Esotericism (XLIV): Mr Ouspensky

Esotericism (XLIV): Mr Ouspensky

- in Esotericism

1. “His eyes were remarkable for their capacity to hide at will all signs of feeling and thought. He could make himself look heavy, almost stupid; or a sudden charming smile could light up and humanize his whole face. You could not be with him a minute without being aware of his strength and power”.

So describes O an anonymous devoted follower on the web site Ouspensky Today. And the description continues: “He was never at a loss for an illustration to explain the point he wanted to make. One had the impression of bottomless well of knowledge that he could draw from at will… His mere presence seemed to make almost everything not worthwhile saying… A man, first of all, of the most complete and unswerving spiritual integrity… of the very highest intellectual powers, with a superb-memory. A dominating man, though he did not, I think, consciously seek dominance. Yet for all the force that resided in him, a man who commanded in many individuals and over long periods, the deepest loyalty and affection… to many he seemed cold and inscrutable… To be disloyal to him was to betray the God in yourself…”

2. The dots indicate more encomia. I would not expect less from a follower. But the description is not impartially honest.

On the same site, next to these praises we find another page on “Lyne Place – Social life” with several photographs of men and women carousing and the note:

“There were also the all-night sessions that Ouspensky held for his close associates, where he was perhaps continuing the tradition of the nights in the Stray Dog in St. Petersburg. Francis Roles recalls that these talks were ‘magic’, particularly if one managed to stay awake until morning.”

That someone thought these all-night sessions ‘magic’ means nothing beyond his own evaluation. What is indicated here is that there was no principle of measure for day and night, for eating and drinking, for teaching and conversing. Gurdjieff and his close associates (and often others) indulged in similar practices that showed lack of measure.

3. I wrote a note on ‘measure’ earlier, Esotericism (XXVI): A note on measure. It was based on advice given to L. MacLaren by Santananda Sarasvati of Jyotir Math in North India in different years. And it should be followed in daily life.

I know of no widely acknowledged sage of ancient or modern times who would not insist that a genuine teacher of an esoteric discipline (or any teacher, indeed, except one for corrupt practices) or genuine aspirants should keep measure in their activities during the day, in sleeping and waking, in eating and drinking and in sexual enjoyment. Obviously, there will be very special occasions when one would deviate but this would not be habitual.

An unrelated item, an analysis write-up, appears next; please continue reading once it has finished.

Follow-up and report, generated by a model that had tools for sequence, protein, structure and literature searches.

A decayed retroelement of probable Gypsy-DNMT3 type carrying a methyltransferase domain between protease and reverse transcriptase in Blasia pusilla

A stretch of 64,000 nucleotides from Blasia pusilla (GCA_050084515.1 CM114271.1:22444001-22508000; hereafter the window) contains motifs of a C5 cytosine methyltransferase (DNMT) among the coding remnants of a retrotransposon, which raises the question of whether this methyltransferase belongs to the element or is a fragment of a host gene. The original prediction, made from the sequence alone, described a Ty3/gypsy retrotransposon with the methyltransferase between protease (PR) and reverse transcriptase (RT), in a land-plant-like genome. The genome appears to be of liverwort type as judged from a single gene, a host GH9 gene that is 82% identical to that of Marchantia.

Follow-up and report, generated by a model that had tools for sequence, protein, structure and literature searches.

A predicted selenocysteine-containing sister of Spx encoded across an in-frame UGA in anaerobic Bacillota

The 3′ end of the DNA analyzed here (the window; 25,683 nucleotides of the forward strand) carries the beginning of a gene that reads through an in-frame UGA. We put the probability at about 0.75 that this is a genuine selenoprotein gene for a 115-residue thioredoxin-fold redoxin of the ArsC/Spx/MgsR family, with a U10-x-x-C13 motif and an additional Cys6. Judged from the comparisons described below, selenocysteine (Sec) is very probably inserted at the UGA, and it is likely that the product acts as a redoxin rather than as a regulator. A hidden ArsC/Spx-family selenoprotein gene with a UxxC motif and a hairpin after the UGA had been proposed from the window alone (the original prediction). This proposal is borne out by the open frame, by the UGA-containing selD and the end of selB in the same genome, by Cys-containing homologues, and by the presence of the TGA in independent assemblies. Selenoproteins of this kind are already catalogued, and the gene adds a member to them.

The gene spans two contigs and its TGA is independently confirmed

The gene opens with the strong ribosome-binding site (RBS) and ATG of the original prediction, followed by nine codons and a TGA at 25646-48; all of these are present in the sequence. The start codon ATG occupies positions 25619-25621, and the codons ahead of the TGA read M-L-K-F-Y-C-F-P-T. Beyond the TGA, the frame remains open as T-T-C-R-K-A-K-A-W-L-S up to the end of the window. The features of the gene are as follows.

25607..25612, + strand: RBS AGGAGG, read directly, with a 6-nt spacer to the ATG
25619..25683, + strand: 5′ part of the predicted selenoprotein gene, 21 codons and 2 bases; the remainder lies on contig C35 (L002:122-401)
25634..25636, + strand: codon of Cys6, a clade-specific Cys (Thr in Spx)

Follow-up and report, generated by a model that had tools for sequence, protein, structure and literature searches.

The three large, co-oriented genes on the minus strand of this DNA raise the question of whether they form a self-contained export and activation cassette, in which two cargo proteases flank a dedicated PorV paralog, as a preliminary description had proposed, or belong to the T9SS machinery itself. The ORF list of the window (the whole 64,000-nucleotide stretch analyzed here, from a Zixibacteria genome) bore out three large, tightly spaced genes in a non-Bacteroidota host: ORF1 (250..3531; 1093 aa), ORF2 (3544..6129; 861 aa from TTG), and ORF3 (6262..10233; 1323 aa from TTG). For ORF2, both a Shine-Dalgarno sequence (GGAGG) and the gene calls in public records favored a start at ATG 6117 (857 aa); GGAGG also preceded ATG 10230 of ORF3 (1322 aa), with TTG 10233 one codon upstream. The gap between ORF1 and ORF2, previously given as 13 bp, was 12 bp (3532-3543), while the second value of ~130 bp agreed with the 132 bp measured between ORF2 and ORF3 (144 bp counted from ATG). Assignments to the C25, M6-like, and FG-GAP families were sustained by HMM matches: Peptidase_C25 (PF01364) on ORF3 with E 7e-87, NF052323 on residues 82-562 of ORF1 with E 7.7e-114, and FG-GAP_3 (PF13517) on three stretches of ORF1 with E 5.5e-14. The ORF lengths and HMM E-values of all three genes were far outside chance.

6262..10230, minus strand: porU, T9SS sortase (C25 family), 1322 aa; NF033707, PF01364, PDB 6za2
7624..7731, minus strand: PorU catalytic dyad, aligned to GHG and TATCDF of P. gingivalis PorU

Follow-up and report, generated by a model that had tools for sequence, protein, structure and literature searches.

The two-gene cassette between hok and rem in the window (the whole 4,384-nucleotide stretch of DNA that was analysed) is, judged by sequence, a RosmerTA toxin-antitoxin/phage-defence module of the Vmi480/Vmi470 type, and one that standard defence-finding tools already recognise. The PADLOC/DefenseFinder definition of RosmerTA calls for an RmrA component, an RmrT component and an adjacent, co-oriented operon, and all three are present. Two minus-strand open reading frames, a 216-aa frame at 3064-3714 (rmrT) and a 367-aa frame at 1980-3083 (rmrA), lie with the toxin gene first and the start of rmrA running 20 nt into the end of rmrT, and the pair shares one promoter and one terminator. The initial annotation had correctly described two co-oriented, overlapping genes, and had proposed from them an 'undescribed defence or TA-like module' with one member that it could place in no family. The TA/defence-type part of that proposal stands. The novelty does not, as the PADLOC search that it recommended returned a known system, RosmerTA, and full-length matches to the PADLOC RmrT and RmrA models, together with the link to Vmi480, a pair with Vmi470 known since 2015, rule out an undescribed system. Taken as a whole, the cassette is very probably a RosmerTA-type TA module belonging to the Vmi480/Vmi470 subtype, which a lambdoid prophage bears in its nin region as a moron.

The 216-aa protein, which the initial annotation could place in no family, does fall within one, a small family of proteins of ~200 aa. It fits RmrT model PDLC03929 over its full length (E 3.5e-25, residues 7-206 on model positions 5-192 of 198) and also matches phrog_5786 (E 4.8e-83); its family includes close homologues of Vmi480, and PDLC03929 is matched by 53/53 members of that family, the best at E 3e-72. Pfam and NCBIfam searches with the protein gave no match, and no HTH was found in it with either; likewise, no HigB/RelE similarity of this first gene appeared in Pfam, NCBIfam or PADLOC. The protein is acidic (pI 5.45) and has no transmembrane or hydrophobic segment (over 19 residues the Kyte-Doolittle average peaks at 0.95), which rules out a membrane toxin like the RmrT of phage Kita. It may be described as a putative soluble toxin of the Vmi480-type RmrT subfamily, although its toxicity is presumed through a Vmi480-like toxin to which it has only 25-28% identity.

I opened a Collection of wise opinions of past sages and fell on Huang Po, a Chinese Zen master of the 9th cent CE. He illustrates the right and wrong measure in the use of senses with noise and sensual eating: “When you provide food for the body in hunger, but without greed, that is wise eating. But if you gluttonously delight in flavors, you indulge in what arises from wrong thinking. Merely seeking to gratify the organs of taste without realizing when you have had enough – this is sensual eating” (from The Zen Teaching of Huang Po by John Blofeld, Buddhist Society, London 1957).

4. The Śankarācārya of Jyotir Math, mentioned above, was asked (late 20th cent) about measure in daily life and he replied that “the introduction of measure starts directly from the Absolute”. He explained that to accomplish any work, one must follow certain measures or regulations and these were declared by the Creator at the very beginning of the creation.

Surely, then, one fundamental regulation or measure is the division of day and night. In the day we indulge in waking and activity and at night in sleep and rest.

And as Ecclesiastes says (ch 3): “To all things there is a time (chronos) and a season (kairos) for every matter under the sun”. So, there is kairos for carousing and lecturing and kairos for not doing these.

Let me finish with Lord Kṛṣṇa’s words to Arjuna, his friend and devotee (Bhagavad Gītā—6.16): “Yoga is not for him who eats too much nor for him who does not eat at all. It is not for him who sleeps too much nor for him who burns the midnight oil”.

For indeterminate reasons, neither Gurdjieff nor Ouspensky seemed to appreciate the need for measure.

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